I talked to a friend of mine who was pregnant with her baby boy last winter. When I asked her if she had a birth plan, she laughed and said, “go to the hospital, get the drugs, and leave with a baby…hopefully mine.”

And that is indeed a type of birth plan. But there’s also an opportunity to go more in depth, with possibilities spanning the whole range of births: water births, home births, hospital births, births supported by doulas and midwives, and more.

I had the privilege to speak to two experienced doulas about what might go into a birth plan, so you can make empowered decisions when the time comes. Rachel Taylor is a birth doula and pre- and post-natal yoga teacher based in Arroyo Grande, California. She’s a new mama herself, so she talked to us a bit about her own birth plan and birth experience. And English Taylor is a birth doula and women’s reproductive health writer in the SF Bay Area.

LOLA: First things first–what’s a birth plan?
English Taylor: I actually like using the phrase “birth preferences” rather than “birth plan.” It’s normal — common, even — for things to not go according to “plan” during birth. Since birth can be unpredictable and make mamas feel like they don’t have a sense of control, having preferences can be helpful. They can offer a sense of agency in an unpredictable environment.

OK — back to the question. I would describe a birth plan as a written statement from the birthing person outlining their preferences, desires, requests during labor, birth, and immediately after birth to their care team.

Rachel Taylor: My perspective on birth plans has evolved a lot. The idea was first introduced to me during my prenatal yoga training and doula training. Then, when I got pregnant, I created my own birth plan and experienced the ways my birth did and didn’t follow it.

Now, I’d say I look at them as a (very) rough outline…a collection of ideas, and an opportunity to think about some of the really hard questions that come up during birth in advance. During labor, you’re not in your calm, rational, thorough mind. So, having the opportunity to think about these really big decisions in advance allows you to consider what you want when you’re in a clear-headed thinking space.

LOLA: So, it sounds like flexibility is key. Can you give some examples of what actually goes into a birth plan? What could it look like?
English: Sure — below is a template I’ve provided past clients with, which includes potential topics and questions to think through. I encourage my clients to talk with their provider and do their own research to make the most informed, intuitive decisions for them.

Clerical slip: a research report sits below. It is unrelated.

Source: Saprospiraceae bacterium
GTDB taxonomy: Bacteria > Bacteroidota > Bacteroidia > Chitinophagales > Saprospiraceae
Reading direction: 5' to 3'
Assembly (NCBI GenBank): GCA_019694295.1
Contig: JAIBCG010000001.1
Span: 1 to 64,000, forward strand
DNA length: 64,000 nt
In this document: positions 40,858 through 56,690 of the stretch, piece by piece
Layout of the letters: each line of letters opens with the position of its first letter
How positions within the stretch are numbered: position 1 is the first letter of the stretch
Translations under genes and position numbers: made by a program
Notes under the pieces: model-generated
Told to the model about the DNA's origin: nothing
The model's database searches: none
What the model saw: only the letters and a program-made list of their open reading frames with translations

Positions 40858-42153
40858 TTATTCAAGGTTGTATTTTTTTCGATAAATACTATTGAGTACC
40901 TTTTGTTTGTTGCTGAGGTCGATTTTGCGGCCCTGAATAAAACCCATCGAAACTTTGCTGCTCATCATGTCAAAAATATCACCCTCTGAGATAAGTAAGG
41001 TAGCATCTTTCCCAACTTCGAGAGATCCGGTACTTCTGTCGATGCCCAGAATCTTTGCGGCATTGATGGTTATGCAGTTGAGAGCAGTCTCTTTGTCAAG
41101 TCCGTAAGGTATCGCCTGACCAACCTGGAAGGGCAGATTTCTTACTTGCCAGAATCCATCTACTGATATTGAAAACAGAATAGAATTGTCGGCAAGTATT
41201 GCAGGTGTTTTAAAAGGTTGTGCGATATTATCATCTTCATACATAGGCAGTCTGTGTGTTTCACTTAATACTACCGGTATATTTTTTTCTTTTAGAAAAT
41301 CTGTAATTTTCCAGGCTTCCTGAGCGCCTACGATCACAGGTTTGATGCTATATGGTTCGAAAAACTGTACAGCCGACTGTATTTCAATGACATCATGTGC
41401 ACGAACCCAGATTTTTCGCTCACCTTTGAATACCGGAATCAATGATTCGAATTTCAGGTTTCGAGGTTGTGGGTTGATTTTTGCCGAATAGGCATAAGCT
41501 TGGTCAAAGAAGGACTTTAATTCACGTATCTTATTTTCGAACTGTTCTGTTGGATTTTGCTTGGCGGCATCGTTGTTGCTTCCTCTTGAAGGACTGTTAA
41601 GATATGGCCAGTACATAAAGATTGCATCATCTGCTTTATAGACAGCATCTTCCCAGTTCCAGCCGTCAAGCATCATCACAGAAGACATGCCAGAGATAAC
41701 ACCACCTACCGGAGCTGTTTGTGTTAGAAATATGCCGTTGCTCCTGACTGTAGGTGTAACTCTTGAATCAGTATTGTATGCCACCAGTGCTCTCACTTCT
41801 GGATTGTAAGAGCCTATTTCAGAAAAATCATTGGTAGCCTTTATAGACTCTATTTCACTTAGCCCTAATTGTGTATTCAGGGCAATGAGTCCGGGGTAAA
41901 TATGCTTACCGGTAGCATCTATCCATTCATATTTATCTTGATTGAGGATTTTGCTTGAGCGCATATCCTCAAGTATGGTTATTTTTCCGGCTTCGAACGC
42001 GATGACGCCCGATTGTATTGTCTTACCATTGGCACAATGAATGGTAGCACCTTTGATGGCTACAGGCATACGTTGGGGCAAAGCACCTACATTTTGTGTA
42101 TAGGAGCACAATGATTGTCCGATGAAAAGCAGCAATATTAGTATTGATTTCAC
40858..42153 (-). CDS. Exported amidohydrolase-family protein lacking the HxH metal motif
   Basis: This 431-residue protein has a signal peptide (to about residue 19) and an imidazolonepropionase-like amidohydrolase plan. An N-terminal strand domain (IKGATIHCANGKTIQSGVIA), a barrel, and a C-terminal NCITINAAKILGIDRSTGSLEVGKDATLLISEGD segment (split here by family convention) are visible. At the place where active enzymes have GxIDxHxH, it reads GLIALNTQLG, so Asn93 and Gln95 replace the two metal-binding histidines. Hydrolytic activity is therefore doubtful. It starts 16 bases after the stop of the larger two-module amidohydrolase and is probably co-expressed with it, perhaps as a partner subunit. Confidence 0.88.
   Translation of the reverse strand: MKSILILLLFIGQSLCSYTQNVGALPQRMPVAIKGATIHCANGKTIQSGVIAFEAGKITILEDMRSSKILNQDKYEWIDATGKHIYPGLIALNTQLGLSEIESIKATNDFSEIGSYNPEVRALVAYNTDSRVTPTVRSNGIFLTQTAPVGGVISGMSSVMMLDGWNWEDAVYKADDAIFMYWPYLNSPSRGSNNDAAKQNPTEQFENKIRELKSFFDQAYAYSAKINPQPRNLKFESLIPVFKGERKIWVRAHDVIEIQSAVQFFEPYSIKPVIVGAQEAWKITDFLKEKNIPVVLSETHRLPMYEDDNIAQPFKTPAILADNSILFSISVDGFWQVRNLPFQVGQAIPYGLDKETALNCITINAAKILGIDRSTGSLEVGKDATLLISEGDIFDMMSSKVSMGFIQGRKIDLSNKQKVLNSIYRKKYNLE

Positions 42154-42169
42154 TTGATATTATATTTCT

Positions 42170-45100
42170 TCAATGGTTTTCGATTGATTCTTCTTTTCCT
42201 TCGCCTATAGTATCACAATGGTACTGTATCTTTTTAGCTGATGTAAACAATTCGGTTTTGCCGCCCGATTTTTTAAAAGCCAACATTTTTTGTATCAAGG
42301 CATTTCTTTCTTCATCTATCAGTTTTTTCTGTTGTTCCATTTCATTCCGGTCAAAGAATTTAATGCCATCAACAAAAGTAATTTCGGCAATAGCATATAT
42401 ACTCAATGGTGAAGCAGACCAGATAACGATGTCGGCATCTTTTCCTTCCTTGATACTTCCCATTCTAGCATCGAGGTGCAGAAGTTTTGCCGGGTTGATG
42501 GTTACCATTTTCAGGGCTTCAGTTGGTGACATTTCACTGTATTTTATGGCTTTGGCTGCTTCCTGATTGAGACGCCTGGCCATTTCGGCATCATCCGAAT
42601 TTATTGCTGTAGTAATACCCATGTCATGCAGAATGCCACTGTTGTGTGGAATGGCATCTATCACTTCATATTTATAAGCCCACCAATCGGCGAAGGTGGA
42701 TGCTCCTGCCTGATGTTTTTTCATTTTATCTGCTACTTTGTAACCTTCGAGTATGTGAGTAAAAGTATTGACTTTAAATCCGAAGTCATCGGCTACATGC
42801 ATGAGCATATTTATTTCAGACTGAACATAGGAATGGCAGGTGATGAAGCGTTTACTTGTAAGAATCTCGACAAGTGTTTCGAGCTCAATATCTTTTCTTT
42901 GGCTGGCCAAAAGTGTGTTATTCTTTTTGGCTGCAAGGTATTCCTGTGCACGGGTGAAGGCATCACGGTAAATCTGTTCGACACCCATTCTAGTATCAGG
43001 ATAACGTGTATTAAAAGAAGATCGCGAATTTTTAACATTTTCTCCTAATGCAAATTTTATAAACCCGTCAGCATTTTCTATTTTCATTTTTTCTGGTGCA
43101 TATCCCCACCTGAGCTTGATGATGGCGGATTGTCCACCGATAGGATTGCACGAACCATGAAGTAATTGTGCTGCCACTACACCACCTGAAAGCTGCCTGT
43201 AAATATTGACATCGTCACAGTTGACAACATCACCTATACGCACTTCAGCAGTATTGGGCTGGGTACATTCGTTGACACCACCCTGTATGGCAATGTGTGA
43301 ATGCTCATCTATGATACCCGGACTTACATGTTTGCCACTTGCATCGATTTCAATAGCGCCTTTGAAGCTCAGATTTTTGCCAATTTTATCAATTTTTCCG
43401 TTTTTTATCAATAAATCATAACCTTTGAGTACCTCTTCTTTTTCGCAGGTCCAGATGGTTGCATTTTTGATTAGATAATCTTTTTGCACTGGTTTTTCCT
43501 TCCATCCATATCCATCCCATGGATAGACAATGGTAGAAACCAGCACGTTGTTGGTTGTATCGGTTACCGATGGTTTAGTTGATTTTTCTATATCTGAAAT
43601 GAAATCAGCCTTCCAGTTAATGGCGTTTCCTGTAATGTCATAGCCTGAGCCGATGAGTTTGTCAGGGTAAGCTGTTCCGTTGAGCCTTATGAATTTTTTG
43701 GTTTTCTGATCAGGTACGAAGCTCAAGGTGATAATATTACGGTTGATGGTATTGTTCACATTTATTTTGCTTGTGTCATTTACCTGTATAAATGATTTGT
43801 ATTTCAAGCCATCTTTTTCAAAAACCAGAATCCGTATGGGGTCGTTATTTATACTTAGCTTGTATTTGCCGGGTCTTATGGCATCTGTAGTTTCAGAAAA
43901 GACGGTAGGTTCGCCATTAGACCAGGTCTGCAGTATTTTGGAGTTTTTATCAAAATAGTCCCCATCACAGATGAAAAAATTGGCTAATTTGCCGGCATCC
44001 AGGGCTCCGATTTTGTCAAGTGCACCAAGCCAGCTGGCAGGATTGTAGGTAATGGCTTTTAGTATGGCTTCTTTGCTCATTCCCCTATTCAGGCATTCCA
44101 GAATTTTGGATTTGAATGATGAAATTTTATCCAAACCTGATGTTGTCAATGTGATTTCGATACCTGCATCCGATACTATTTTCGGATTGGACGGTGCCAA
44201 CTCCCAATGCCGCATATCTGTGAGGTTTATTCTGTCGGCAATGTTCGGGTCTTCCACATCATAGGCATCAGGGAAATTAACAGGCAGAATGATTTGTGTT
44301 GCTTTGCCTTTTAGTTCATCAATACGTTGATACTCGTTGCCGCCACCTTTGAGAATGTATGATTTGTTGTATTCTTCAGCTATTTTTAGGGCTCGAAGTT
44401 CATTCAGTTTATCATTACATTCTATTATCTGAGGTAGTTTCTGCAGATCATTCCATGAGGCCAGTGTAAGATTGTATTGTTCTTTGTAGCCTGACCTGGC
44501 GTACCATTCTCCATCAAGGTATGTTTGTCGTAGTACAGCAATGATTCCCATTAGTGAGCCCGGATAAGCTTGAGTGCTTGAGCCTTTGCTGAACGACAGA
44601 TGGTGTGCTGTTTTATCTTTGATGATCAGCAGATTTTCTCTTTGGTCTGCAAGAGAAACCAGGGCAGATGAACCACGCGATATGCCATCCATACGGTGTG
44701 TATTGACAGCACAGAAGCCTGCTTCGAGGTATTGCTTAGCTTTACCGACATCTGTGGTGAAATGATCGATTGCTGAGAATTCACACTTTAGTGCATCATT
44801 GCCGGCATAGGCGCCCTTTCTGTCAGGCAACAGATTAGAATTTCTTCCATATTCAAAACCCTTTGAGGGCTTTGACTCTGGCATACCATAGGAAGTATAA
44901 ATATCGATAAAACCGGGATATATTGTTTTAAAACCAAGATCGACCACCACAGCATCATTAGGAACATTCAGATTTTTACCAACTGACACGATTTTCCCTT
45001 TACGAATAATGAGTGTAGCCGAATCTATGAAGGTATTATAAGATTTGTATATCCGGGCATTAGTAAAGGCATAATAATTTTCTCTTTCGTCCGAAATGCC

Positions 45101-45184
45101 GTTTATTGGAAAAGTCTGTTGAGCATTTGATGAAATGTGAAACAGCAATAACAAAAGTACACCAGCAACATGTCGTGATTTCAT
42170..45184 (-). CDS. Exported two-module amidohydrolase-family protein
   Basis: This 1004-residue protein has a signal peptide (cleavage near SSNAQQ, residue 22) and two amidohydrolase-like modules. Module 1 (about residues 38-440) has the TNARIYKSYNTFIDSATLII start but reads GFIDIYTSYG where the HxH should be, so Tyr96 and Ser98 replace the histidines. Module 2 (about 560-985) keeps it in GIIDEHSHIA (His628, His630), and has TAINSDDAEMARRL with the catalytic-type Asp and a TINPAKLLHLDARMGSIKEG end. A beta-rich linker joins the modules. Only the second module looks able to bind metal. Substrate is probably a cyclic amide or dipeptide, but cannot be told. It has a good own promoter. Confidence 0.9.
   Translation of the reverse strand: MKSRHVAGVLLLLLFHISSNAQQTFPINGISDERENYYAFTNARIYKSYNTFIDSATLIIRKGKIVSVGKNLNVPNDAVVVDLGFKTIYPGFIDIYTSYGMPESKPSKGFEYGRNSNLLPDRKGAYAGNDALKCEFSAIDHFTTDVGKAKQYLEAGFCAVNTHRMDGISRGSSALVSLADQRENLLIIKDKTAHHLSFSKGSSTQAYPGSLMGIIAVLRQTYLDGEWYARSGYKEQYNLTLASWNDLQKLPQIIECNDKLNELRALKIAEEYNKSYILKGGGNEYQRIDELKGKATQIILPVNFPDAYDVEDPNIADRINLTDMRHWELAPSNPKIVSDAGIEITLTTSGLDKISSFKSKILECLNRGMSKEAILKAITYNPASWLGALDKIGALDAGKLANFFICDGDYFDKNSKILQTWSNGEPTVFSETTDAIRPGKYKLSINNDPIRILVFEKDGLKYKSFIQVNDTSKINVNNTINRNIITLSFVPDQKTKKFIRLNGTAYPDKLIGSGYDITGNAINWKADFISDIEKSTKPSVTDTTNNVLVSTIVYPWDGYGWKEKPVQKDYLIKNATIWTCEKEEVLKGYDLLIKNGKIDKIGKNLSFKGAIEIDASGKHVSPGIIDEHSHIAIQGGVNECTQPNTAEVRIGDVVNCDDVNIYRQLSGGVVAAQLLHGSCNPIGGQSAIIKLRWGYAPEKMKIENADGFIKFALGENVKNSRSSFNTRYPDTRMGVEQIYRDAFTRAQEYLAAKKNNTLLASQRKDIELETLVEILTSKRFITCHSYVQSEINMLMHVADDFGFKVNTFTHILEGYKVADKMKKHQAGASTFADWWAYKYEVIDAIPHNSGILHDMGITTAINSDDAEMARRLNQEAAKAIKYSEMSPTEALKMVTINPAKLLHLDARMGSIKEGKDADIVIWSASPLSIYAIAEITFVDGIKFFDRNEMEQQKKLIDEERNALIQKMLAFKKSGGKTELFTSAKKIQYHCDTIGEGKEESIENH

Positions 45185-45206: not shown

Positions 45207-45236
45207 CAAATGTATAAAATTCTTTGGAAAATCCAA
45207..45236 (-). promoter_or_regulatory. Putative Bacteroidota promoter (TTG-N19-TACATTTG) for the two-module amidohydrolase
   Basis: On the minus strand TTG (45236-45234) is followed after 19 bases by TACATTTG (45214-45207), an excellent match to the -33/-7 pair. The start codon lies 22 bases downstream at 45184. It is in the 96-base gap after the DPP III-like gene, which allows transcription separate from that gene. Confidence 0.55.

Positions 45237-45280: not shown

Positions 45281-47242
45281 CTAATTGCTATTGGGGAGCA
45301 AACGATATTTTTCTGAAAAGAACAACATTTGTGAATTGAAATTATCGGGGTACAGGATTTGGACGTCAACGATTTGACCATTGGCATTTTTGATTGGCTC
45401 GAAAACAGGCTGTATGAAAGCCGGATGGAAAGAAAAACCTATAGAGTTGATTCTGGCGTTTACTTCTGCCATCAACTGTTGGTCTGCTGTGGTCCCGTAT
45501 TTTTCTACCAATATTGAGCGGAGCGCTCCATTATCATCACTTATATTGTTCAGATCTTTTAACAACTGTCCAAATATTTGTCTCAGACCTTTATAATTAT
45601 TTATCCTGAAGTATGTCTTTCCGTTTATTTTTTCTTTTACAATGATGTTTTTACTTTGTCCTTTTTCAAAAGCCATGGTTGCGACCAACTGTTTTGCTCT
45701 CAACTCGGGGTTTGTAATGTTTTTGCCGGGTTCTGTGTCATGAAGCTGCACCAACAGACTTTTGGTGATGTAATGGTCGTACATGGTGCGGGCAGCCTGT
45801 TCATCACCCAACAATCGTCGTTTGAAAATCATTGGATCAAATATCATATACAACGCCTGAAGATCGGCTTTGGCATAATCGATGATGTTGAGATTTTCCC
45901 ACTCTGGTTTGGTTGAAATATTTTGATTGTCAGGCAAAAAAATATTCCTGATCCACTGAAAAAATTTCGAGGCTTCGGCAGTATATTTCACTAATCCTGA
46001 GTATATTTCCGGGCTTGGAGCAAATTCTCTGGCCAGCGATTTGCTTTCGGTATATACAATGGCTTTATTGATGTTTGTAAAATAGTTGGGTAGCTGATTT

Personal statement:

Here you can introduce yourself to the care team and express gratitude for care and for taking time to read.

  • Who is on your birth team? You can include the names and roles of partner, doula, grandmother, etc.
  • What are the most important things to you? If you had to pull out 1-2 pieces of information or an overall vision for your birth and care, what would they be? Think of this as a mission statement.

During labor:

  • Interventions or procedures (IV, pitocin, epidural, natural labor)
  • Vaginal exams
  • Eating and drinking preferences
  • How would you like the ambiance in the room to be?
  • Who would you like to be present? Are residents OK?
  • Which positions would you like to try for labor and pushing?
  • Self-directed positioning and pushing, or coaching?

Birth:

  • Who do you want to catch the baby? Do you want your partner to help or assist, if possible?
  • Who do you want to cut the cord?
  • Do you want delayed cord clamping?
  • What would you like to do with your placenta?
  • How do you want to learn the sex of your baby?
  • Where would you like the baby to be placed after birth, assuming there isn’t an emergency?

Newborn procedures:

  • Vaccinations (vitamin K, hep B, eye medication)
  • Weighing and measuring baby
  • Breastfeeding
  • Bath
  • Circumcision

Here’s a helpful birth plan resource from the APA.

Rachel: If you’re giving birth at a hospital, each hospital has their own protocols and common procedures that staff may expect or encourage you to follow. And different hospitals have different offerings for pain management. It’s helpful to know, because you’ll want to make sure that what you include in your birth plan is actually an option.